Last year this time, I made the exciting announcement that I was starting Quietly by way of ‘The Coffee Carol’. It relied upon Charles Dicken’s famously festive story about the staunchly selfish and greedy Scrooge.

We all know his redemption arc initiated by an evening examining his past and glimpsing into his dire future. The vision of him dying alone and his accountability for a cavalcade of suffering, embodied by sickly Tiny Tim and the emancipated ‘children of man’, ignite a revelatory moral crisis. I evoked the tale’s spirit to try to talk about my goals with Quietly and use Scrooge’s epiphany to position ‘am I doing enough’ as a core driving question at Quietly. 

So let’s talk sequels! After ‘A Christmas Carol’, Dickens published ‘The Chimes: A Goblin Story of Some Bells that Rang an Old Year Out and a New Year In’. And to repeat my disclaimer from last year, I have spent a good portion of my life hating on Dickens but have slowly/partially come around to his work. I guess sentimentality has a weird relationship with hyperbole.

‘The Chimes’ follows Toby Veck or ‘Trotty’ as he known for his brisk pace about town. Despite his steadfast work as a ticket-porter, Trotty struggles with debt and economic instability. Dickens sets up several conversations around topics like eating tripe, his daughter’s would-be marriage, and arresting vagrants to illustrate how – despite his kind heart – Trotty has a deeply ingrained view of poverty as a moral failing

Late one evening, the sounds of chimes draws Trotty to the Church. He climbs the belfry until he reaches the “shadowy, and dark, and dumb” bells and goblins (yes, goblins). They berate Trotty for his faithless view of humanity and alarmingly explain that he has fallen from the tower. As Dickens writes, “he looked down, and beheld his own form, lying at the bottom, on the outside: crushed and motionless”. Cue, the would-be visions of the future culminating in Trotty’s daughter about to drown her child and herself. Trotty is able to reach out and stop her, thus propelling his own moral re-alignment and will-to-change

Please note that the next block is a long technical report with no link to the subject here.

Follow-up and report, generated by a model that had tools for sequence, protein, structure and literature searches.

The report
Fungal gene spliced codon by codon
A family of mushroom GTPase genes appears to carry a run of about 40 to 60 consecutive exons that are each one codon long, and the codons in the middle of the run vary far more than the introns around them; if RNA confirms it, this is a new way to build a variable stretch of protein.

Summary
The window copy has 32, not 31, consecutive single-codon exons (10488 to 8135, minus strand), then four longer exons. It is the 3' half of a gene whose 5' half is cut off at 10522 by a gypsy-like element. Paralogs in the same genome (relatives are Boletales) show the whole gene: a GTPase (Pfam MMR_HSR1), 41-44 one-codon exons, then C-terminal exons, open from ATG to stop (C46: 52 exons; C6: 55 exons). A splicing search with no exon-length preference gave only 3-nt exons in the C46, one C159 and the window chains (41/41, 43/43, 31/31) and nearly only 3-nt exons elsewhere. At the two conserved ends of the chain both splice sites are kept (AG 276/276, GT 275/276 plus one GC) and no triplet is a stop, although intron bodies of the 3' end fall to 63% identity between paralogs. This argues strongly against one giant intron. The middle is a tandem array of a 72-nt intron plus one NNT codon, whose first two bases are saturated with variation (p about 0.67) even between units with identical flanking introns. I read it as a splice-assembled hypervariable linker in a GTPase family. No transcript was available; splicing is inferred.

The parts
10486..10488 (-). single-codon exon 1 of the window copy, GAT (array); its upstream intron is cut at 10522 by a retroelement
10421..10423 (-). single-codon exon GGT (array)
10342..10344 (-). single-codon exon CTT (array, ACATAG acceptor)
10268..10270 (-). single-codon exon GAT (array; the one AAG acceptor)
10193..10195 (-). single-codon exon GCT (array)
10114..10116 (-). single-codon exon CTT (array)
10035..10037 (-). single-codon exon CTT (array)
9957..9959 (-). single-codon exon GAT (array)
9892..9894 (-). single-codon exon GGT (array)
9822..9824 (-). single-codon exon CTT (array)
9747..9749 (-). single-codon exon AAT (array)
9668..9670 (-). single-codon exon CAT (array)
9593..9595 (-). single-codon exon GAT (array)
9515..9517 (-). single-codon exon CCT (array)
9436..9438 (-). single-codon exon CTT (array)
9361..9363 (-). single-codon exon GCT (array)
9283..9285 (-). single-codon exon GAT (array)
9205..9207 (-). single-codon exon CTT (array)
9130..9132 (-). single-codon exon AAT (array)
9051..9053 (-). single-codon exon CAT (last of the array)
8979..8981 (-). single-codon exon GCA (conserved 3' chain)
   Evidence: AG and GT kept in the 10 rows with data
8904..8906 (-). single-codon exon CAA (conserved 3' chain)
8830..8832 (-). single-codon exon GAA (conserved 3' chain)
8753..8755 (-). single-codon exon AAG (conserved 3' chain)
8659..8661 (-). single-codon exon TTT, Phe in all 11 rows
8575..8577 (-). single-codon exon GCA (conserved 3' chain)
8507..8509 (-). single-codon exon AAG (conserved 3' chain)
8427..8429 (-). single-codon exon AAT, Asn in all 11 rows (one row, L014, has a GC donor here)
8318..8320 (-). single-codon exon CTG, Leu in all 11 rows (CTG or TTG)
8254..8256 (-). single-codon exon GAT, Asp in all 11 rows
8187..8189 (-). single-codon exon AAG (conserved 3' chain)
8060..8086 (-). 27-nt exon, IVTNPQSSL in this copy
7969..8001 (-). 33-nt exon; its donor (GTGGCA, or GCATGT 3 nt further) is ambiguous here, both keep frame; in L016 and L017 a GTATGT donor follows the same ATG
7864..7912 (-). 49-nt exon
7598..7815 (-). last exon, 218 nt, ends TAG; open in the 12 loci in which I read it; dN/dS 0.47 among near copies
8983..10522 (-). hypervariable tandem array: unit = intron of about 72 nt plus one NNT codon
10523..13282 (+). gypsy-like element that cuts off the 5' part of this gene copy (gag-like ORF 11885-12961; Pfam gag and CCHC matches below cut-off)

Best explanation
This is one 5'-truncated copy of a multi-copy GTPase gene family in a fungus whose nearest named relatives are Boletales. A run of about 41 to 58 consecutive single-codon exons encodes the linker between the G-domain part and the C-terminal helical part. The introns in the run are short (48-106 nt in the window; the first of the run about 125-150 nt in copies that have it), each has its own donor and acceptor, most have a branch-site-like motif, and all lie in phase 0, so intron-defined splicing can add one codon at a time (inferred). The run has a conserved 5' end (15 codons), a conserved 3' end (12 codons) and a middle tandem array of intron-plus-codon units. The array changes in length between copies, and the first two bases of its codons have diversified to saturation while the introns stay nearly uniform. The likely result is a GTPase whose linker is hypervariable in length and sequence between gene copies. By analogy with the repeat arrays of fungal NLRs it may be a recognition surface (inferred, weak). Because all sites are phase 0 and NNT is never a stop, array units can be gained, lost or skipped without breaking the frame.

And in a quite familiar twist, it is all a dream! But one that leaves its mark, as Toby realizes, “we must trust and hope, and neither doubt ourselves nor doubt the good in one another”. As the goblins (yes, goblins) demand, we listen to the ways we do the “chimes wrong” by ignoring the “the voice of time”, believing humanity to speak through “one note”, and “abandon” those “who have fell from good”. Or in other words, help in the present rather than nostalgically yearn for the past, reject flat visions of humankind, and offer help to those less fortunate in any-and-all ways. 

The reason I once again drag Dickens into ‘Ask Lee’ to poke a little fun (Scrooge 2! but what if the ghosts are goblins? And the rich are poor!) but mainly because I think Dickens has a point…